In The Waiting

 

These beautiful tropical fish, and koi carp live in England, in a village called Matlock Bath. I find it very relaxing to watch fish going about their affairs. There is an inner stillness felt when so absorbed. I used to do a little snorkeling in the mediterranean during my pre-disabled years, and was often astonished by some of the antics of sea creatures.

Once a group of tiddlers* swam hugging my left side. They followed me this way until a hapless solitary fish swam just a little too close to my right side. In the blink of an eye the hidden group were feasting on it. Clever little fellows.

Fish know nothing of Christmas, and do not anticipate a time of giving and receiving. Yet they are not sad. Perhaps that is one reason why they can be so relaxing to watch.

My thanks, as always, to all readers and followers. I hope you enjoy this post. I would like to take this opportunity to ask that we send our love on the winds now to all those who will be alone this Christmas. May the inner meaning of Christmas overtake the seedy exploitation we see ever more in all our hearts.

Until next time, and may it be soon. Peace from Amras.

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“I said to my soul, be still and wait without hope

For hope would be hope for the wrong thing; wait without love

For love would be love of the wrong thing; there is yet faith

But the faith and the love and the hope are all in the waiting.

Wait without thought, for you are not yet ready for thought:

So the darkness shall be the light, and the stillness the dancing.”

T.S. Elliot.

 

*Please excuse my non latin nomenclature.

Photography ©Amanda Moloney.

The Golden Season

Greetings from this writer. These pics are dedicated to those good readers who have sent healing wishes my way. The last five pics were taken one week later than the others, and I think it’s easy to see how fast the golden season encroaches.

Since returning, after experiencing a difficult summer, to a relatively manageable physical state, I am taking every opportunity, while it lasts, to  get out and capture local scenery at its best. If heaven permits, I will continue.

By the way, I hope you liked the alternative picture format, and I hope too to return very soon.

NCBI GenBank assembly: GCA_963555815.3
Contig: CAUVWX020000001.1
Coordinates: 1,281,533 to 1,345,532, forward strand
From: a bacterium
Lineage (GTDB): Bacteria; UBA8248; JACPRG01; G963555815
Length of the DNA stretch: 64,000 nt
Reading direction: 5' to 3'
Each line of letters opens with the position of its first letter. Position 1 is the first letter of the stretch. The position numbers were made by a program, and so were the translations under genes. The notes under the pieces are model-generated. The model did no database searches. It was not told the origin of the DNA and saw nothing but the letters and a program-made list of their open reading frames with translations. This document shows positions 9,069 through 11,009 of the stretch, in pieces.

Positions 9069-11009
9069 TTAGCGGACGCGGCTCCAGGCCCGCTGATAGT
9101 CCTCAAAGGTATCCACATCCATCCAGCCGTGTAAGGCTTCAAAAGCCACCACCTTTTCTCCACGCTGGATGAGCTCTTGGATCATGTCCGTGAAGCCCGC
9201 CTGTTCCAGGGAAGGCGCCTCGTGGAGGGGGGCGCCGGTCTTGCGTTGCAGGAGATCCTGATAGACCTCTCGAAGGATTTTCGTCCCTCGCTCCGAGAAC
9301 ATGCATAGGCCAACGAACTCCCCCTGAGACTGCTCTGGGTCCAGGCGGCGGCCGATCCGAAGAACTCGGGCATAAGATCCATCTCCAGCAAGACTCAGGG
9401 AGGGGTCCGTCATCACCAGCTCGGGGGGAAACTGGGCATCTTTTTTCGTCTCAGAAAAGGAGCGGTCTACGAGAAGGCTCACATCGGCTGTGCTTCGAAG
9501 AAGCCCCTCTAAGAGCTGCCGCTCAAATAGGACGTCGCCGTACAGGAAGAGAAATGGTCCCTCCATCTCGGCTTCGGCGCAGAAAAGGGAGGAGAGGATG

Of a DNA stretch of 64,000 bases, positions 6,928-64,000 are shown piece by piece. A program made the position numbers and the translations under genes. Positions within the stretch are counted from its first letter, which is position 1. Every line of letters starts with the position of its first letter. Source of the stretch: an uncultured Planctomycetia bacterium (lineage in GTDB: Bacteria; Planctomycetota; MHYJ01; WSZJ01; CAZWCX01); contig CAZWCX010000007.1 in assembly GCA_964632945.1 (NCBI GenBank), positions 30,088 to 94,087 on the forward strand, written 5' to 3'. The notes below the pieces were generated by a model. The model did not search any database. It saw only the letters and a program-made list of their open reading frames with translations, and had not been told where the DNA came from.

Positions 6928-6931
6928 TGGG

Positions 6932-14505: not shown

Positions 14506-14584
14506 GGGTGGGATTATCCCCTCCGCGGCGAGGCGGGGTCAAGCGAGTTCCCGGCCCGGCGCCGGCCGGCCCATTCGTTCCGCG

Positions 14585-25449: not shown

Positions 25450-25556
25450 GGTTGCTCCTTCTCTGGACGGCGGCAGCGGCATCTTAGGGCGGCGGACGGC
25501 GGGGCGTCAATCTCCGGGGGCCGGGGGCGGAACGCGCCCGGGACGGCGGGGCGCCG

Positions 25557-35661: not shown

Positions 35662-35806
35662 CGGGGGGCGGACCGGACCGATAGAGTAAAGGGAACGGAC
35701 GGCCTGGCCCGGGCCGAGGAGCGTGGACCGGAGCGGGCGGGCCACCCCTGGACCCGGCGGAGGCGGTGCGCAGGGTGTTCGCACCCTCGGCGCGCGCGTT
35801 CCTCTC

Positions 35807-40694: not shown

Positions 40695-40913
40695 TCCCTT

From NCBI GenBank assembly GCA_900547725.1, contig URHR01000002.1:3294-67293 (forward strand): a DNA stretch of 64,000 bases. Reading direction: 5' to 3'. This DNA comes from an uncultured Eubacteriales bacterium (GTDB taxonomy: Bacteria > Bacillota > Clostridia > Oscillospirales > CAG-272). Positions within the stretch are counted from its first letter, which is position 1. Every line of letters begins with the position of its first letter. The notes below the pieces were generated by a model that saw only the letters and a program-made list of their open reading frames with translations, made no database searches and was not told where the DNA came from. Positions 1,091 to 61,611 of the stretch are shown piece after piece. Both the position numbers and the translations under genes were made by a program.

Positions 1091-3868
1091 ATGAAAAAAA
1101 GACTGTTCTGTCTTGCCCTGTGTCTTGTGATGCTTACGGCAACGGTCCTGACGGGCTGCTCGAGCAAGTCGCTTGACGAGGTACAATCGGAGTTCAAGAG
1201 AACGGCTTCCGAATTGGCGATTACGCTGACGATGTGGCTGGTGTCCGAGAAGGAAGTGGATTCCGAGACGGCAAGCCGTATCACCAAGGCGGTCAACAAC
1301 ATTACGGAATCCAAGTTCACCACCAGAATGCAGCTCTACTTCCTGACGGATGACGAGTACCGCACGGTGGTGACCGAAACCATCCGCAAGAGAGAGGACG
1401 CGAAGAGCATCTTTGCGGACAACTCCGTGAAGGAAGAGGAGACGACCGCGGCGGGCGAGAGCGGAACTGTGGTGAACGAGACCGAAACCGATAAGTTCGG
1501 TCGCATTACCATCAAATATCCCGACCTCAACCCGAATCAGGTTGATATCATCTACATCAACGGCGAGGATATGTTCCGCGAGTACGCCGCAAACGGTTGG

With thanks from me. Peace, and Namaste.

 

A Book of Verses underneath the Bough,
 A Jug of Wine, a Loaf of Bread—and Thou,
Beside me singing in the Wilderness,
 And oh, Wilderness is Paradise now.

Omar Khayyám

 

 

 

 

 

Photography©Francis Moloney.

Strictly Speaking

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Greetings to everyone, and with thanks to all our blogger friends, new and old, here are some more photographs from a corner of old England for you to enjoy. These pics, like last month, were taken in Devon. The crystals and bloom in the stream were Amanda’s contribution.

Last month I told you that one of the people helping to push my wheelchair in Devon was my brother, Philip. This was not, strictly speaking, the case. In fact he was just holding on to one handle to help steady his feet while Luke did the pushing, very slowly.  Philip suffered severe brain damage during a minor hospital operation in childhood, and as a result of this he can neither talk, feed and dress himself, or use the toilet. In fact he is totally dependant in every sense for all of his needs. Despite all that, he was kept, loved, and cared for by the family. He has become a wonderful character in his own right, and has the merriest laugh for miles.

Sadly, those responsible for his suffering refused to own it, and my father failed to find a solicitor willing to seek justice from the  mighty medical profession. It was 1955 after all.

Our parents harboured no anger that I was aware of, they were resigned to the facts. My mother, in fact, was a nurse in the NHS for many years before moving into pharmacy a couple of decades before retiring. Their choice to keep and care for Philip, however, brought many blessings, along with monumental challenges, plus undue social pressure, from time to time, to have him institutionalised.